Topic: Litigation

Observational Vs. Admitted: CT Advocates Win Class Status For Suit Challenging Medicare Benefits

The Center for Medicare Advocacy has won class certification for a lawsuit demanding that Medicare beneficiaries be allowed to challenge their patient classification as "observational" rather than "admitted" when hospitalized — a distinction that can cost thousands of additional dollars in hospital, medication and nursing home care.

Court Certifies Nationwide Class in “Observation Status” Case

Decision in Alexander v. Price "Observation Status" case means Medicare patients could gain the right to appeal placement on “Observation Status” and avoid large medical bills.

Wilson-Coker v. Thompson

Issue: Whether the CMS policy effected by the "Westmoreland letter" of December 3, 1999, by which home health agencies no longer are required to file claims for Medicare coverage in cases involving dually eligible beneficiaries and states are prohibited from recovering from providers which fail to submit claims, violates the Medicare and Medicaid statutes, the APA, and the due process clause.

Weichardt v. Leavitt

Issue: Whether CMS’ promulgation of final rules not requiring timely advance written notice to hospitalized Medicare beneficiaries who are being discharged violates the Administrative Procedure Act and the Due Process Clause.

Webber v. McClellan

Issue: Whether regulations issued by CMS on March 8, 2005, which, inter alia, establish a new cadre of ALJs to handle only Medicare claims and which make it virtually impossible to have an in-person hearing close to the claimant's residence (relying on telephone or videoteleconferencing hearings instead) violate the Medicare statute, (especially the Medicare Modernization Act), the Administrative Procedure Act (APA), and the Due Process Clause.

Wallis v. Thompson

Issue: Whether a National Coverage determination (NCD) which is changed should be applied to claims pending in the administrative process, even though the service was received before the change was made.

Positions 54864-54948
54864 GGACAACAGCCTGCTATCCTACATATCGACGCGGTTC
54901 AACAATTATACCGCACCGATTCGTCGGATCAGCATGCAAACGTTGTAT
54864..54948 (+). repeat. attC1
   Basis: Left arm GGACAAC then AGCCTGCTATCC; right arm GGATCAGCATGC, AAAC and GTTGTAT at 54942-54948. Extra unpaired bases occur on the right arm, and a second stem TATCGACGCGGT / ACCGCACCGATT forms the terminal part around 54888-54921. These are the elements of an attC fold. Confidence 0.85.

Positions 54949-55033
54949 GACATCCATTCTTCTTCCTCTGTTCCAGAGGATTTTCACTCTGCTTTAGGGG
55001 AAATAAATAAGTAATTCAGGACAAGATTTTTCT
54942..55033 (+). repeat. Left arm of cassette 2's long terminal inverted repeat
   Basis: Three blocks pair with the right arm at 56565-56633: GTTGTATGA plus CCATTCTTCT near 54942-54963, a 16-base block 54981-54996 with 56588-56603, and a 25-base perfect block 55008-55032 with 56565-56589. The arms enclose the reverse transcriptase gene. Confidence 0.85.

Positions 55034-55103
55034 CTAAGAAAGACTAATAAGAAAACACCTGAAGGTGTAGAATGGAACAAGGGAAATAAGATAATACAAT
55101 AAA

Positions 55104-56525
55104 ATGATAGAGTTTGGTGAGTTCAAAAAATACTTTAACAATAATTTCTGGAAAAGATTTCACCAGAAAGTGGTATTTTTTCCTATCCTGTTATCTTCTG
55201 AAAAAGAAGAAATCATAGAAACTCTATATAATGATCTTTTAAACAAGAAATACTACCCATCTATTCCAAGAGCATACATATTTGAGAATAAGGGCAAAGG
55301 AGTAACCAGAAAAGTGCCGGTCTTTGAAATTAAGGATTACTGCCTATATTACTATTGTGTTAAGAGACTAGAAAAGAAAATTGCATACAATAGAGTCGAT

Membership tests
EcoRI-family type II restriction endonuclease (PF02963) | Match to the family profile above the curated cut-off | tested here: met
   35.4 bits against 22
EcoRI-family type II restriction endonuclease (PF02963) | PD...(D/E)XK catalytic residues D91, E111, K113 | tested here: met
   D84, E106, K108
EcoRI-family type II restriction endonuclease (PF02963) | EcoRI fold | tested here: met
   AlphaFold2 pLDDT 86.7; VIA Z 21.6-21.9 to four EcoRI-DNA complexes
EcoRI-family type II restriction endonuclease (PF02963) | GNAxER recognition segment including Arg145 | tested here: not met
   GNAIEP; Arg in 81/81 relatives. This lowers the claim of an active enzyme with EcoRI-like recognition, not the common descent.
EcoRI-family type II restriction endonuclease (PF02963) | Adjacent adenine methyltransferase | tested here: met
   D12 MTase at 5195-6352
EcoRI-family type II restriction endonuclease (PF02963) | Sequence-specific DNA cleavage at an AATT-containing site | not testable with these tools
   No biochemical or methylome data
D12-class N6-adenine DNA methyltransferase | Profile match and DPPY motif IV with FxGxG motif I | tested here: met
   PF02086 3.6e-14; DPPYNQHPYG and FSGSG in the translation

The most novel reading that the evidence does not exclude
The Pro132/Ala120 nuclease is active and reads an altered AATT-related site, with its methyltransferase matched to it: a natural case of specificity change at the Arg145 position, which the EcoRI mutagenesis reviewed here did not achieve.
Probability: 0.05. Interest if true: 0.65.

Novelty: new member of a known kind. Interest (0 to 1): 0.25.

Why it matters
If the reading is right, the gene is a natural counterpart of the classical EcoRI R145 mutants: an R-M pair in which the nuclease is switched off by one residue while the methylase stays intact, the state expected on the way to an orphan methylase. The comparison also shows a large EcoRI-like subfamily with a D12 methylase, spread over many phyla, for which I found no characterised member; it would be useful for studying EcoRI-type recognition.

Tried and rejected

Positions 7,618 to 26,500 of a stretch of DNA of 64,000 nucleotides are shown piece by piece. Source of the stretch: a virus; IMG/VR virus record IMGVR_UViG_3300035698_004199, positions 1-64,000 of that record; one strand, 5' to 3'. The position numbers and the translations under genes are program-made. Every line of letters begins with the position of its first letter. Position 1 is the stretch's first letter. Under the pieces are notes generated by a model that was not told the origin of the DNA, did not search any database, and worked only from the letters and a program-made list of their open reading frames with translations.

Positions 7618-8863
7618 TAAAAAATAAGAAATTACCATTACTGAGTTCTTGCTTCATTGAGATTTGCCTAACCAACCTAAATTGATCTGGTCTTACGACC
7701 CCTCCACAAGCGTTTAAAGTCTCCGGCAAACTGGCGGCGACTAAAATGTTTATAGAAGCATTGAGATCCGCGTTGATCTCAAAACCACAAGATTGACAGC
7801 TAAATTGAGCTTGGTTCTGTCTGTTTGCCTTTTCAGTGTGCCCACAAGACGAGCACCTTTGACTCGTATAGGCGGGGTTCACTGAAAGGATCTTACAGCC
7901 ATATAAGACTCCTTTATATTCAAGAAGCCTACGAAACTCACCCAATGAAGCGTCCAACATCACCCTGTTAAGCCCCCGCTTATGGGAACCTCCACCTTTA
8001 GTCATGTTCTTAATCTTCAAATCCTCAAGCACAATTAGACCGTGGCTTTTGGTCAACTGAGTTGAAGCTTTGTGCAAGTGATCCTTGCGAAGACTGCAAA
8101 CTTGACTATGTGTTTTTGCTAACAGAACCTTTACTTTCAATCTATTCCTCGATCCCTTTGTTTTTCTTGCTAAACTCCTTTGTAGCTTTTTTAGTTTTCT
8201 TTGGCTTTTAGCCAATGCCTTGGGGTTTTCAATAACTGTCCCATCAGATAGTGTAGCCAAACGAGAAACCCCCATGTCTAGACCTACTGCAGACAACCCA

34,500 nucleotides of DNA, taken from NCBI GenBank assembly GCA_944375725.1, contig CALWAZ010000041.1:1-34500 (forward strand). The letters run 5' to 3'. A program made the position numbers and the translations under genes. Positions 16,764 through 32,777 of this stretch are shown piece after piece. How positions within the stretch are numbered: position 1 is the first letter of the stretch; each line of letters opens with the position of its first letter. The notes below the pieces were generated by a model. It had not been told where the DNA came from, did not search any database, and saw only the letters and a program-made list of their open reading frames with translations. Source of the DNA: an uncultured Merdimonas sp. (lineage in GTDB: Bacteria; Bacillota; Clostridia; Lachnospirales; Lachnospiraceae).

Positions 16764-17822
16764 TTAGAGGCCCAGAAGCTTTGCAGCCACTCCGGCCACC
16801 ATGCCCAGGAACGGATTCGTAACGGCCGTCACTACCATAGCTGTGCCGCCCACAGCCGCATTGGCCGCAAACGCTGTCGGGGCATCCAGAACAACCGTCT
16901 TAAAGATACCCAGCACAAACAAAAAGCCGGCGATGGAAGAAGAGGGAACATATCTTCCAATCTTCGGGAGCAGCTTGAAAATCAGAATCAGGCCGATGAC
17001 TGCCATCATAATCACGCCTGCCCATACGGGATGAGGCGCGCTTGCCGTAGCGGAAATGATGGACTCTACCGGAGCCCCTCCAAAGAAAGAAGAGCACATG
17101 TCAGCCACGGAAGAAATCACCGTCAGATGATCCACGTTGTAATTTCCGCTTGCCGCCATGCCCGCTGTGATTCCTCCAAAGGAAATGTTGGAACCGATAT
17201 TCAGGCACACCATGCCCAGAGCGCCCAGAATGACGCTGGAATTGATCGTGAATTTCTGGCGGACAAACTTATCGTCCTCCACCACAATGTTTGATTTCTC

United Healthcare Insurance Co. d/b/a Evercare v. Sebelius & Starkowski

Issue: Whether the Secretary’s coverage of enteral feeding by a Part C plan on the ground that it was a skilled nursing service was correct.

UHM v. Humana, Inc. (Amicus Curiae Activity)

Issue: Whether the actions and inactions of a Medicare Part D plan, defendant Humana, in failing to enroll, and otherwise provide prescription drug coverage to, the plaintiff beneficiaries cannot be challenged under state law fraud and breach of contract causes of actions because the grievance procedures established in the Medicare Prescription Drug Improvement and Modernization Act of 2003 ("MMA") preempt those claims.

The Center for Medicare Advocacy v. U.S. Department of Health and Human Services

Issue: Whether HHS violated the Freedom of Information Act when it failed to respond to a request for documents about the videoconferencing technology to be employed in the new system for handling Medicare appeals to ALJs.

Texas Gray Panthers v. Thompson

Issue: Whether the Secretary of HHS and the Commissioner of SSA failed to implement various provisions of the Medicare statute which would require states to enroll certain low-income Medicare-eligible beneficiaries in so-called "buy-in programs" under which, depending on the program, premiums, part of premiums, and other out-of-pocket Medicare expenses would be paid for by state Medicaid programs.

Situ v. Leavitt

Issue: Whether CMS' failure to correctly implement the Part D prescription benefit for hundreds of thousands of dual eligibles violates the Medicare statute and the Due Process Clause.

Richey v. Shalala

Issue: Whether the defendant's failure to cover lung volume reduction surgery under the Medicare program violates Medicare and APA requirements.

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